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New Testament: 2 Timothy

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St. Timothy

The Apostle Paul addresses Timothy as his "beloved child" and speaks of him as one whom he has ordained. This letter begins and unfolds as the most intimate of the three so-called Pastoral Epistles, which include also 1 Timothy and Titus. In its references to Paul and his suffering, the Second Letter to Timothy appears to have been written, at least in part, to elicit sympathy for the apostle. The letter is an exhortation not to be ashamed of the gospel and to stand firm even if that would mean suffering on its behalf.

So What?

The primary sources on the life and theology of the Apostle Paul are his seven undisputed letters (Romans, 1 and 2 Corinthians, Galatians, Philippians, 1 Thessalonians, and Philemon). In addition, the Acts of the Apostles is the chief secondary source. But 2 Timothy has also had an importance for understanding Paul, portraying him as an apostle who was not only a proclaimer of the gospel but one who was willing to suffer for it. Paul is portrayed as the ideal Christian and apostle.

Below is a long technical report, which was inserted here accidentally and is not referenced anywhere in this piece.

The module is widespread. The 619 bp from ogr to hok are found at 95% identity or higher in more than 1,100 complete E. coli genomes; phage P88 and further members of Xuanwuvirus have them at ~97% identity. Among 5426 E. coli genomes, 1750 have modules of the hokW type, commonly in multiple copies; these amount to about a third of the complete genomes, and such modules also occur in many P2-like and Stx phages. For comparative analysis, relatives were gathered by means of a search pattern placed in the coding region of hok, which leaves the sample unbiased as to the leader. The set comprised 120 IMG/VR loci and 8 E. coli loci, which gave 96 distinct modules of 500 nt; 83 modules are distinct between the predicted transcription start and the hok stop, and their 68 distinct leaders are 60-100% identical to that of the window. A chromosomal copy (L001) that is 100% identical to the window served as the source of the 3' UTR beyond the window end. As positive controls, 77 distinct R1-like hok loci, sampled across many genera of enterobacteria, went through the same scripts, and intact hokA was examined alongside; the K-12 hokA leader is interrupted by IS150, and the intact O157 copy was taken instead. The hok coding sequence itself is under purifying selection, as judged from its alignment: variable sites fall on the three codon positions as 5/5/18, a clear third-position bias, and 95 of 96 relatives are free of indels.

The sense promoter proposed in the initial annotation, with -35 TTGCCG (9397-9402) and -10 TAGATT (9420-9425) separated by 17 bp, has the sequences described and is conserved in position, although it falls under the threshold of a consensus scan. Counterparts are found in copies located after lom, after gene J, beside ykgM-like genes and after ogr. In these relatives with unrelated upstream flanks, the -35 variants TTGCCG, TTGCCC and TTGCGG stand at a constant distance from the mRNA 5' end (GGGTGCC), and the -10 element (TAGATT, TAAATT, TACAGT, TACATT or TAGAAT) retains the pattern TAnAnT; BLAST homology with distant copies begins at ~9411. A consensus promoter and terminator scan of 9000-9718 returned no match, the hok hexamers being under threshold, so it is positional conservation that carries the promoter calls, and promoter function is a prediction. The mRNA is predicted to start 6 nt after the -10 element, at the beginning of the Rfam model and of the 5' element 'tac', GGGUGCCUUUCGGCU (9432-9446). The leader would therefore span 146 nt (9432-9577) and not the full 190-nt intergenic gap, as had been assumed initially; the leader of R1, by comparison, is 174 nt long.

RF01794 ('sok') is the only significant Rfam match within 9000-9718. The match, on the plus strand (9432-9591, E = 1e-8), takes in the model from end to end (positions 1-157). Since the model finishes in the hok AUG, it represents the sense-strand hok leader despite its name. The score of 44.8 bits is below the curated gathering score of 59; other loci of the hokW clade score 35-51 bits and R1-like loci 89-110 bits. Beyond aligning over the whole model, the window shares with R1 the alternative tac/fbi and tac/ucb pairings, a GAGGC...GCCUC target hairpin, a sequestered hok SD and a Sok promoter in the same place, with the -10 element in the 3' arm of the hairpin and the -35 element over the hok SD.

Where Do I Find It?

The Second Letter to Timothy is the sixteenth book in the New Testament. Clustered with 1 Timothy and Titus (the other two "Pastoral Epistles"), it stands near the end of the "Pauline corpus," the collection of letters attributed to the Apostle Paul (the books of Romans through Philemon).

Who Wrote It?

According to the letter, it was written by the Apostle Paul while he was imprisoned at Rome to Timothy, who appears to be at Ephesus. Yet, this letter is generally regarded as pseudonymous, written after the death of Paul by an anonymous writer who sought to impersonate Paul in a post-Pauline situation.